Chicago Blackhawks\' center Jonathan Toews gets an opportunity but Phoenix Coyotes\' goalie Mike Smith makes the save as the Coyotes defeated the Chicago Blackhawks 4-0 in Game 6 of an NHL hockey Stanley Cup first-round playoff series in Chicago, Monday, April 23, 2012.(AP Photo /Daily Herald, Steve Lundy ) MANDATORY CREDIT
GLENDALE, Ariz. - One team has a goalie who plays the crease like a spider in a web, multiple players who can score and a hard-hitting, defence-first mentality.
The other team ... well, it's pretty much the same thing.
After bogging down two of the NHL's most skilled teams in the opening round, the Nashville Predators and Phoenix Coyotes face off in what will be a two-of-a-kind Western Conference semifinal.
Game 1 is Friday night in the desert and the only way to tell the teams apart will be by their jersey colours.
"We really are mirror images of each other," Coyotes general manager Don Maloney said. "We play a similar style, very good defence and work ethic, and you don't get a free night with Nashville. They'll be tough games. This will be an interesting series."
The Coyotes had a raucous ride into the second round of the playoffs, re-energizing a desert fan base that had become hockey complacent over the past few seasons.
Relying on a tight-checking style, an everybody-chips-in mentality and superb goaltending from Mike Smith, Phoenix won its first division title in 33 years as an NHL franchise.
The Coyotes capped it by surviving a brutal series against Chicago, mucking it up against the fleet Blackhawks to win in six games, their first trip out of the opening round since 1987.
Nashville finished ahead of Phoenix in the regular season—six more wins, seven more points—but was fourth in the West because the Coyotes won the Pacific Division.
Like the Coyotes, the Predators have a superb goalie in Pekka Rinne, prefer to keep games close and get scoring production from all through the roster.
Nashville opened the playoffs by dispatching the fast-skating Detroit Red Wings in five games, an outcome that wasn't surprising so much because the Predators won, but because of how quickly and seemingly easily they did it.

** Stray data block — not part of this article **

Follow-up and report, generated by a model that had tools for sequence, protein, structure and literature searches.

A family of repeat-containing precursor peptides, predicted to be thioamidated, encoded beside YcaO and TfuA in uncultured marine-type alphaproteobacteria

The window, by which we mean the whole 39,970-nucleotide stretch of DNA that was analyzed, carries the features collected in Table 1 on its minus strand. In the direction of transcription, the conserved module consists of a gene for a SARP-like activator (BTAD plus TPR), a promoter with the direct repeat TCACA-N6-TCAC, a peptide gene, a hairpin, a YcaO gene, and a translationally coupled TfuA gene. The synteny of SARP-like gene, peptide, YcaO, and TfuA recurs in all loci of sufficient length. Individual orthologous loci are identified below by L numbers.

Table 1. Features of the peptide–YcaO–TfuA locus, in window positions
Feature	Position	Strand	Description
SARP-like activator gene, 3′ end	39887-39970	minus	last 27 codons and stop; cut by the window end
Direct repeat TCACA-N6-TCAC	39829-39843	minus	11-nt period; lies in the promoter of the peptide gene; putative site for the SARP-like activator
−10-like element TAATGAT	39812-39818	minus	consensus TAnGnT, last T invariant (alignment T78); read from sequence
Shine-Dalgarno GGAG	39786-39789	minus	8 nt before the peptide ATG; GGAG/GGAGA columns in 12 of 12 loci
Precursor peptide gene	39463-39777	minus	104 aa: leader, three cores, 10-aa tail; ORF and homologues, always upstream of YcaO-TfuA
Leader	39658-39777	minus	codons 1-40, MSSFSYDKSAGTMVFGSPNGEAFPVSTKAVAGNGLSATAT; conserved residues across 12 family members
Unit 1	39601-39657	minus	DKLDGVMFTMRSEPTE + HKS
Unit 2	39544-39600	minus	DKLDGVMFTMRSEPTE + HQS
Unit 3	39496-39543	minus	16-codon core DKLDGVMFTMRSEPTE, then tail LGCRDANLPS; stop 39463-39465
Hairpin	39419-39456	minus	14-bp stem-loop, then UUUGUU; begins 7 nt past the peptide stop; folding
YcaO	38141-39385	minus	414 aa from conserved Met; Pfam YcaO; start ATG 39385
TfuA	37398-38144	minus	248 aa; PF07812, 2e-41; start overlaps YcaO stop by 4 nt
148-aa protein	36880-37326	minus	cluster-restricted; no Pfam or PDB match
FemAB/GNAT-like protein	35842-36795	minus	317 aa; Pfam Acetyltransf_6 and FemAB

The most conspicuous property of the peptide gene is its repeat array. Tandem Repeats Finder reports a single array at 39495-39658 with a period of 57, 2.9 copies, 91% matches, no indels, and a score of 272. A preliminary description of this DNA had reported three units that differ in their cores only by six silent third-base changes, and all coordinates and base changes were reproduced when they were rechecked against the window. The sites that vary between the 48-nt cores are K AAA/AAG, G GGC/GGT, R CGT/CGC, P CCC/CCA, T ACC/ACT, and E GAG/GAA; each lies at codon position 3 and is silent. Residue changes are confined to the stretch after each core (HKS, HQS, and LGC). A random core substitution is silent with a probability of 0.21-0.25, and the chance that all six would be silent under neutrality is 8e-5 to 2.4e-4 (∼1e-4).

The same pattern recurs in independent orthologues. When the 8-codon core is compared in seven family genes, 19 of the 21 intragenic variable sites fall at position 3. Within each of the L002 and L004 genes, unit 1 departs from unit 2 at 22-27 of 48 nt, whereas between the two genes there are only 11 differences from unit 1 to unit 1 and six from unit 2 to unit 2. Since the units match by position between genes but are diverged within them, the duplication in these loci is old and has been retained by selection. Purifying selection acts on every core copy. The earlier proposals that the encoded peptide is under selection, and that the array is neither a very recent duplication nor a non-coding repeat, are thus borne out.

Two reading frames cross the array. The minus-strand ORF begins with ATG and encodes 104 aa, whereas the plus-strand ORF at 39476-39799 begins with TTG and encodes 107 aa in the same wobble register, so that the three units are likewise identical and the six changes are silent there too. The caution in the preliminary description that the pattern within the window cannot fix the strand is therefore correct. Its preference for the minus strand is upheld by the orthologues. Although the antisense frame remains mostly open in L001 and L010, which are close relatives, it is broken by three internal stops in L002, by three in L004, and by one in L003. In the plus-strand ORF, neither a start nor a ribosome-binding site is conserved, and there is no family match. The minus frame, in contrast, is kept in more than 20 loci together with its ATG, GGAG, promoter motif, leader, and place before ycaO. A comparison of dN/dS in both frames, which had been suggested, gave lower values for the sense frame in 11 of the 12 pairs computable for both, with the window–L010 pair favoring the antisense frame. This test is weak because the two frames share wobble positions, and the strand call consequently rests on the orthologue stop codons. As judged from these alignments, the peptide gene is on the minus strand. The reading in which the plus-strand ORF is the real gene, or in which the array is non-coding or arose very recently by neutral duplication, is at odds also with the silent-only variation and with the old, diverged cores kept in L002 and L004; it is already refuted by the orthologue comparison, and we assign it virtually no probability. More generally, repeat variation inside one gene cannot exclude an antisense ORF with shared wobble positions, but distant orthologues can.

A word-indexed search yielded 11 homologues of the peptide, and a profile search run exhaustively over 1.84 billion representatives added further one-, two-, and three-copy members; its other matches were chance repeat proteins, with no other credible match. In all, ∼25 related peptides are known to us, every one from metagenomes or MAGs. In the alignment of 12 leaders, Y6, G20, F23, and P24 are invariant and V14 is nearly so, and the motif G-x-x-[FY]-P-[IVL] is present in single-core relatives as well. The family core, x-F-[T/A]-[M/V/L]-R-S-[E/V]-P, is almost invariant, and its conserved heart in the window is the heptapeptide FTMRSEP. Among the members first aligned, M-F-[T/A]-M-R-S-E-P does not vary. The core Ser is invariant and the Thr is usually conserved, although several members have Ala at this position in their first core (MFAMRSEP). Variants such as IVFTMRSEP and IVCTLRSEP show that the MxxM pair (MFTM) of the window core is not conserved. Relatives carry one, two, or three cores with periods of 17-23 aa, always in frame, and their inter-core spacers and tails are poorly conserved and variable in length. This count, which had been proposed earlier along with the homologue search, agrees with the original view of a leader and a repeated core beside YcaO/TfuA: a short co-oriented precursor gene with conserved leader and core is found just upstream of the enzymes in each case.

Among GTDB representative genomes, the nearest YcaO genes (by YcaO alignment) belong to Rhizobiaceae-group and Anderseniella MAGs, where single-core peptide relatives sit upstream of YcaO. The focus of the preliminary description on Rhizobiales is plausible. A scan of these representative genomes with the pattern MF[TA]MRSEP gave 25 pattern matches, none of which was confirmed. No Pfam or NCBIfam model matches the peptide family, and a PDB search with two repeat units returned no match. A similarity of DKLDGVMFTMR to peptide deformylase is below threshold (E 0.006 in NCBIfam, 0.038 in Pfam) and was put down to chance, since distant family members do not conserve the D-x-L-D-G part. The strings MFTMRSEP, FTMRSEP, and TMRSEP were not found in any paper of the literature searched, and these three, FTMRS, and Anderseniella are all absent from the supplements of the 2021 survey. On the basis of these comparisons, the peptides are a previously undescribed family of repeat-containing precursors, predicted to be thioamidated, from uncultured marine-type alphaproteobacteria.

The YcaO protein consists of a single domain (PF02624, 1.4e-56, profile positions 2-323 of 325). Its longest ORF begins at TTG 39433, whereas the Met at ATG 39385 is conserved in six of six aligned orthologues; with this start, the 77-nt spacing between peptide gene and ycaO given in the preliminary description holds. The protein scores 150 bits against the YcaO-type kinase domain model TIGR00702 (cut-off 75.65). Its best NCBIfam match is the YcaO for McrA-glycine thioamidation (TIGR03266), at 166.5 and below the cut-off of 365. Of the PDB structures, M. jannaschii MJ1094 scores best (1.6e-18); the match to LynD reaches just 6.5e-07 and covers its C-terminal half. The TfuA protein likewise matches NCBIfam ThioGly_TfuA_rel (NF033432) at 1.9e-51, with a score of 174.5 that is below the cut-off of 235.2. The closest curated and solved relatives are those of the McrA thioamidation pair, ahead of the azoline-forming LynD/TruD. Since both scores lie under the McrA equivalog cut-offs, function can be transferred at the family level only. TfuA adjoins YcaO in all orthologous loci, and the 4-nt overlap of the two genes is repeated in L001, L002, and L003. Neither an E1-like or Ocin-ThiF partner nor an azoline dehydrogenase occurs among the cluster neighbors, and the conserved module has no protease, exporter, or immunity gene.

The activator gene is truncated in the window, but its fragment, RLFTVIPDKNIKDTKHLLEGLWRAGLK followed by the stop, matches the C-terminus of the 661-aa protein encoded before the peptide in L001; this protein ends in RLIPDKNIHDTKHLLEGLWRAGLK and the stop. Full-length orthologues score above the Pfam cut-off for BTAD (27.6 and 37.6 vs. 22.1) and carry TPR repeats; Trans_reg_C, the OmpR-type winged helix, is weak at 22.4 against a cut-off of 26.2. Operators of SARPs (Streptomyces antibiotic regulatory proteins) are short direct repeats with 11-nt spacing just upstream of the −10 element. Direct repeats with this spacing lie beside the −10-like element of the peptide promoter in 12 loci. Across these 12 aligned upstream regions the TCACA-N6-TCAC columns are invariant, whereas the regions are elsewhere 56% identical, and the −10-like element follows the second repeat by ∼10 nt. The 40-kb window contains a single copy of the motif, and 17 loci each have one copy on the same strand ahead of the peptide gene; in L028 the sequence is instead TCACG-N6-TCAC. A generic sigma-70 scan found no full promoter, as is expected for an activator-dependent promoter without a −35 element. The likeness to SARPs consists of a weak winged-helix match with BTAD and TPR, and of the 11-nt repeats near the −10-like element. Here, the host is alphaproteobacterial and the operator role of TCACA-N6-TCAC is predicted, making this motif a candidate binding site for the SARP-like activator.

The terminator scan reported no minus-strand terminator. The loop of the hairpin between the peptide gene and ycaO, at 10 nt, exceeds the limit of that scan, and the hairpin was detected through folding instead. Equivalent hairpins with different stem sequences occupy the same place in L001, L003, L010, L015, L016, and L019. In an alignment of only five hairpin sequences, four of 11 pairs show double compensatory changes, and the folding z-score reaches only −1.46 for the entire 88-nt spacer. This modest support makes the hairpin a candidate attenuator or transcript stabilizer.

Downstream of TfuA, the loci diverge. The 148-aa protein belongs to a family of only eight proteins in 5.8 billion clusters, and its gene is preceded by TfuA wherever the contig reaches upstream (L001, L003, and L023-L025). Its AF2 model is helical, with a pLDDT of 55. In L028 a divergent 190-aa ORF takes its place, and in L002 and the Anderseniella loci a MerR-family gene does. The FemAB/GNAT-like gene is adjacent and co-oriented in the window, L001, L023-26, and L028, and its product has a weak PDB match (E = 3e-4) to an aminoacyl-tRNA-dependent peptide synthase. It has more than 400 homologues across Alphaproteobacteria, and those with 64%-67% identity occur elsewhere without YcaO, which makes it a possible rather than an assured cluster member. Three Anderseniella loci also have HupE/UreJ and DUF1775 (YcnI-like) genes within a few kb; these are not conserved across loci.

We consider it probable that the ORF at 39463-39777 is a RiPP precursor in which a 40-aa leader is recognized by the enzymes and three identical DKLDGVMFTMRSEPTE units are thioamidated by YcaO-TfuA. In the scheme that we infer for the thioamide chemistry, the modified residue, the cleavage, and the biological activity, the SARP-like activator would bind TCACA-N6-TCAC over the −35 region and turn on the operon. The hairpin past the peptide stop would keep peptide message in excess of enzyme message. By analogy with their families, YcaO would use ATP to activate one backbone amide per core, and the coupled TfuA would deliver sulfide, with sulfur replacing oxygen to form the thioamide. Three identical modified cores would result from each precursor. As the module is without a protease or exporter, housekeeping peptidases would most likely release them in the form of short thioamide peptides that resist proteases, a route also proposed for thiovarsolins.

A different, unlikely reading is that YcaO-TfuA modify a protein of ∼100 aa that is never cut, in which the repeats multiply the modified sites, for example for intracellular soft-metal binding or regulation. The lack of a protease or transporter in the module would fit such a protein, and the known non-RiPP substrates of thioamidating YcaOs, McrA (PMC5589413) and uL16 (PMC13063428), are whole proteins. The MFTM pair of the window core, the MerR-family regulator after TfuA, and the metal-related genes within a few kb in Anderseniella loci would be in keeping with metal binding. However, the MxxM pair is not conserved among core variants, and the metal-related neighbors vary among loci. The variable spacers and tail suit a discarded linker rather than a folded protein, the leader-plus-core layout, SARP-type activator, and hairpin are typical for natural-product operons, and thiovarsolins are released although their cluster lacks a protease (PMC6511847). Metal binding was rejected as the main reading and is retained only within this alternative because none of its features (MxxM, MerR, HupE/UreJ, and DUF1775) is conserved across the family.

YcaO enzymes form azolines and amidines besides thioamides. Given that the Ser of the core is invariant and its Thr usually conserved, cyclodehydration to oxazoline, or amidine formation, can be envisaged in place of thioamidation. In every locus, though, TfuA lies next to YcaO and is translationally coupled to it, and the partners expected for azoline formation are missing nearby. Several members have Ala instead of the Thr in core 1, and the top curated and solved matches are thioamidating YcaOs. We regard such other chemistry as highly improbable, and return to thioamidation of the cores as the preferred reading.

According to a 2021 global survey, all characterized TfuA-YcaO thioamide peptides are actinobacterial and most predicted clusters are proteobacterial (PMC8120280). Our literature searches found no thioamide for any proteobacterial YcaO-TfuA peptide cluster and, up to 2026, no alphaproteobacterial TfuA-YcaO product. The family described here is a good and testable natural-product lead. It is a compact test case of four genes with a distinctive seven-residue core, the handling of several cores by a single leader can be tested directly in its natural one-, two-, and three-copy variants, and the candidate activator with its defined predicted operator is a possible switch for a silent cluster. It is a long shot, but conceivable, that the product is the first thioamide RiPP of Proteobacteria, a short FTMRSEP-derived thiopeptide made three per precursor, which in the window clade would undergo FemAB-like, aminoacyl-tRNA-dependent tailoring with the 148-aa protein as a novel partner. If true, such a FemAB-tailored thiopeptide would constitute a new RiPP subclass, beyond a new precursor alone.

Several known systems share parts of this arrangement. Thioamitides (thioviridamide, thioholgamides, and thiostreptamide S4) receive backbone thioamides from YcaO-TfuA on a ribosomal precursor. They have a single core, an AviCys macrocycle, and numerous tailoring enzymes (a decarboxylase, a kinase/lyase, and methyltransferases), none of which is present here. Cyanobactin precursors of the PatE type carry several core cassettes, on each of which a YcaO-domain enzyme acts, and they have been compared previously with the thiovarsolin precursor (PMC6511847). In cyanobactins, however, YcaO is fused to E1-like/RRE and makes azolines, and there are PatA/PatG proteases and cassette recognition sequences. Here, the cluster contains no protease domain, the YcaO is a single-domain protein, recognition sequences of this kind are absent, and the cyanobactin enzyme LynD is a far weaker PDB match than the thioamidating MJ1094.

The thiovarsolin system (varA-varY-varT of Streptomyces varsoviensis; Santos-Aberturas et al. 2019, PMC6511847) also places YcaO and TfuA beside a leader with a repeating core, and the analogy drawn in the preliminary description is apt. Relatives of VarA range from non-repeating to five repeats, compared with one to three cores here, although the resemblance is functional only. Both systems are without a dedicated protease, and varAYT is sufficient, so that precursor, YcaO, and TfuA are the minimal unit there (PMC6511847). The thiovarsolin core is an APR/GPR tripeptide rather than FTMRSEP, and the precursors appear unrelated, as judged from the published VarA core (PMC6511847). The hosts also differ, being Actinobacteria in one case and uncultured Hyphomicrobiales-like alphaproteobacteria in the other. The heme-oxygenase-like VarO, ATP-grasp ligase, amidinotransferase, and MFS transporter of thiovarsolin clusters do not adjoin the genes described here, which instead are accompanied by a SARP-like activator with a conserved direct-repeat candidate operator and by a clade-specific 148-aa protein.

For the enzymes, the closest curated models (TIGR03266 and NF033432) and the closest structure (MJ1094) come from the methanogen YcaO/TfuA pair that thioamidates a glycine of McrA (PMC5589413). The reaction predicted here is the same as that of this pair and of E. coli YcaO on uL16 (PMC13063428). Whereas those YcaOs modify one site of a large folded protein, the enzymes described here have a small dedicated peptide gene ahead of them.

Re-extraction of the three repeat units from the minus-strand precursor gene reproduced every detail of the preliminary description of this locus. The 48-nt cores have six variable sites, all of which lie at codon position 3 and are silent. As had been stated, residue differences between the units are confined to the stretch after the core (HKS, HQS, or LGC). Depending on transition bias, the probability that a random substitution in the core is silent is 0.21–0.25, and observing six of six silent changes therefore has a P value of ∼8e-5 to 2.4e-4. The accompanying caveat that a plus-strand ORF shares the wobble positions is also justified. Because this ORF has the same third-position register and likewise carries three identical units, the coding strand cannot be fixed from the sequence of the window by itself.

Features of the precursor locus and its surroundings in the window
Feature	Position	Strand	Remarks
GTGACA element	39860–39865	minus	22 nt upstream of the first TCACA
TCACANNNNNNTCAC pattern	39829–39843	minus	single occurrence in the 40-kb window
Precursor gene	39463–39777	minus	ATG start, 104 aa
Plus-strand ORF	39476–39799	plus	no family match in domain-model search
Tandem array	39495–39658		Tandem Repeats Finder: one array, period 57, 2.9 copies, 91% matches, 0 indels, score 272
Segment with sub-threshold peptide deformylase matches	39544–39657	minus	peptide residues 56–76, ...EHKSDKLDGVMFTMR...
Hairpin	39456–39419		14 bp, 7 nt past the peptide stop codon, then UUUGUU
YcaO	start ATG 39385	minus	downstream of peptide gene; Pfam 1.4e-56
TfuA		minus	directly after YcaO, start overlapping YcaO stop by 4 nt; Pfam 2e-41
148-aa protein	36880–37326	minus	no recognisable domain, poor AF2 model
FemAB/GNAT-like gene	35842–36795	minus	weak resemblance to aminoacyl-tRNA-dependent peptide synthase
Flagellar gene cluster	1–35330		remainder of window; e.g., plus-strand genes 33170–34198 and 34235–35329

"They're a team similar to us and we know it's going to be tough," Nashville centre Mike Fisher said.
The toughest part might be finding ways to score against Smith and Rinne.
Phoenix's goalie was no average Smith, putting together a top-notch season after the Coyotes were criticized for tabbing him as their replacement for Ilya Brzygalov.
An athletic 6-foot-4, Smith set career-highs in pretty much every category there is, finishing third in the NHL with a save percentage of .930, tied for third with eight shutouts and fourth in wins with 38.
Smitty was even better in the playoffs, at times carrying the Coyotes by himself while they tried to keep up with the swarming Blackhawks.
The only time Chicago was effective against Smith was when they put all-out pressure against him late in games, leading to three goals that sent games to overtime. Other than that, Smith was dominant, finishing the series with a .950 save percentage and 1.81 goals-against average, clinching the series in Game 6 by turning away 39 shots for his first career playoff shutout.
"We've obviously got to do what we can to generate chances in front of Smith because he's been great for them," Predators captain Shea Weber said. "He's a big part of their success."
Same could be said for Rinne.
The 6-foot-5 Finn carried Nashville during the regular season, leading the league with 43 wins, while posting a 2.39 goals-against average and .923 save percentage. Like Smith, he controlled the opening round, using his agility and big frame to hold the high-scoring Red Wings to nine goals in five games for the lowest post-season goals-against average in team history.
Rinne also had the best save percentage (.944) in Nashville's playoff history and on Wednesday was named one of three finalists for the Vezina Trophy for the second straight season.
"He's an unbelievable goalie, just an athletic guy that competes as hard as anyone out there," Smith said. "We're going to have to elevate our game, try to get as much traffic, people and pucks to the net as we can, and hopefully we'll find a way to get a pass in."
Making it tighter will be the way these teams play in front of their goalies.
Nashville coach Barry Trotz and Phoenix's Dave Tippett both take disciplined approaches to the game, emphasizing stay-at-home positioning and counterattacking to win games. The players have bought in and are rarely in the wrong spots, leaving opposing teams without much room from the neutral zone back.
Neither team has an elite top-line scorer like Pittsburgh's Evgeni Malkin or Chicago's Jonathan Toews, relying more on a pack mentality. Phoenix has the top goal-scorer between the teams—Radim Vrbata had 35 during the regular season—but Nashville had seven players score at least 40 points.
Put those things together and it could be a series with scores like 1-0, 2-1, with plenty of overtimes mixed in.
"Goals will probably be hard to come by," Tippett said.
At least the teams know what to expect. They see it in practice every day.